Tuesday 14th October
On our first morning, we are collected by Alfredo Lopez Cabañas (veterinary surgeon), Mauro Madariaga (veterinary assistant), Pablo Torrealba (farrier), Chris Garrett, our UK based harness specialist, and Erika and Alma, two Social Service students. In Mexico, state University education is almost free, but students have to spend time doing useful work before they fully graduate. Erika and Alma are about to become vets, and the project provides a useful introduction to donkey health and welfare.
We are to visit the Santiago Tianguistenco area where on Tuesdays there is a wood market. Campesinos (farmers of a small area of land) living high in the hills around and about bring wood to the market on the backs of donkeys, horses and mules. The market provides a useful focus for providing clinical and extension services to the animals and their owners. We breakfast with other travellers at some roadside stalls in Xalatlaco. These are only there on market days and provide us with some of the best food we eat in our two week trip.
On our way to market we visit three donkeys with broken legs. This is extremely unusual. They are treated by applying lots of padding then a splint made from plastic guttering shaped with a blow torch to fit the contours and joints of the leg. One is 5 weeks into a splinting repair, so we are just checking to see how it is getting along. One is a new case, just a couple of days old, and Alfredo believes it will mend without problems.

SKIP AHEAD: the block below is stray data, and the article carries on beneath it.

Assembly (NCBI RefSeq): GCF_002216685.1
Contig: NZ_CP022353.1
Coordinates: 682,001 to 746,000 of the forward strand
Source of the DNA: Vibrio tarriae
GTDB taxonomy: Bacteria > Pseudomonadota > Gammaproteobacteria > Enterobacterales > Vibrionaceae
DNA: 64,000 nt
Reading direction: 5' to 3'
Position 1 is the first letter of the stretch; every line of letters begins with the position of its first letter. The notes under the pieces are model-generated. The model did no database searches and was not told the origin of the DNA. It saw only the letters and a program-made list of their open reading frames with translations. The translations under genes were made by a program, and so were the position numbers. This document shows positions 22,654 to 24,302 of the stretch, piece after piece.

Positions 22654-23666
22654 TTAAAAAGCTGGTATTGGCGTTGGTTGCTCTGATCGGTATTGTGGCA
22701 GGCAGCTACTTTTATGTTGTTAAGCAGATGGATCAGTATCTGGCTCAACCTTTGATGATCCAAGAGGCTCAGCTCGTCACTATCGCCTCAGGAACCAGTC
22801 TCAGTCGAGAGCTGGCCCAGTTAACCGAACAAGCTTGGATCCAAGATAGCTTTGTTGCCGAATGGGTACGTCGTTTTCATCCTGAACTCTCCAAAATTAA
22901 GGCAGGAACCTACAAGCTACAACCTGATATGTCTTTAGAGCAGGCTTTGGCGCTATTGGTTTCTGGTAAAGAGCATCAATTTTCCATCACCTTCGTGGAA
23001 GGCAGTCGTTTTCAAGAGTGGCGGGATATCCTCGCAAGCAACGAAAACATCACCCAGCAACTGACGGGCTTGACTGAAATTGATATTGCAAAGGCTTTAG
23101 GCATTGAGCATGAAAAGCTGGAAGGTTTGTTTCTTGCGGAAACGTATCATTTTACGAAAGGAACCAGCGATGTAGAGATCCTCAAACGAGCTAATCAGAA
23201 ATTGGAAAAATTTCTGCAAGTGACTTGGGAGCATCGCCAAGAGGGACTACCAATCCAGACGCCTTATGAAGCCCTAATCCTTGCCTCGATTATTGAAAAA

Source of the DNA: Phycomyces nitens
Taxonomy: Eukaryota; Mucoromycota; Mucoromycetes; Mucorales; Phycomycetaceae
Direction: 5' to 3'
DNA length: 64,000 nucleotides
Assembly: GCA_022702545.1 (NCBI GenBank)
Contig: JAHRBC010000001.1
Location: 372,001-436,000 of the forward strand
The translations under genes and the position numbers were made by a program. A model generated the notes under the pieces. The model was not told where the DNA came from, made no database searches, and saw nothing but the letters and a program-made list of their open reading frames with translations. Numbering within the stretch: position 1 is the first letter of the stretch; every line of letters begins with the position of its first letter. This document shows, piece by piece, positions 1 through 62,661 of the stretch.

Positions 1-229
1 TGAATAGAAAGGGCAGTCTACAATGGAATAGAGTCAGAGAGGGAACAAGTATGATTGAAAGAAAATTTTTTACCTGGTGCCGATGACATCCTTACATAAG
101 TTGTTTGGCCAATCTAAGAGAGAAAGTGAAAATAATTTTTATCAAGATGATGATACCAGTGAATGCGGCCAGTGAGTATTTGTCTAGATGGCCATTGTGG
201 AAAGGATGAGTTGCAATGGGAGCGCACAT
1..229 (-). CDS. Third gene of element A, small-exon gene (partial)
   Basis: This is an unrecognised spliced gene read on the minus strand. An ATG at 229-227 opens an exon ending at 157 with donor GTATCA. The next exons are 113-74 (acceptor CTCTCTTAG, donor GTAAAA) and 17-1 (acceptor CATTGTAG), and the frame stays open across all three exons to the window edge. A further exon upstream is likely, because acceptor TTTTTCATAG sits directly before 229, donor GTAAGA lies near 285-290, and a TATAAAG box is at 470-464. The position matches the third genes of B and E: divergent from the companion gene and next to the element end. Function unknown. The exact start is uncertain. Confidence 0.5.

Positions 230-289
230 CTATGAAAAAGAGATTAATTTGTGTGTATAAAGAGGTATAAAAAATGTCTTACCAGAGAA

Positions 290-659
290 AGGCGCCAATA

The third, sadly, is now three weeks old. It is not clear why the owner has only now brought it to our attention. While the other two breaks resulted from legs going down holes in the ground, this one was thought to be a malicious wounding in revenge for the donkey escaping and damaging a neighbour’s crops. It is a young donkey otherwise in good health. Although the leg may be a hopeless case, the alternative is euthanasia so it is splinted in the hope of a miracle. If the break is not mending and the donkey’s suffering increases, a tough decision will have to be made.
We also visit a local craftswoman who makes pictures from fine dyed straw which she then mounts on boxes. Mal Squance, the Sanctuary's deputy chief executive, buys samples which will be considered for Donkey World Limited, the trading arm of the Sanctuary that raises funds through the sale of donkey related gifts.
When we get to the wood market we find it has been a quiet day and the only animals left are two pairings of a donkey and a mule - both in good condition. In one pairing the mule is blind but is led everywhere by the donkey.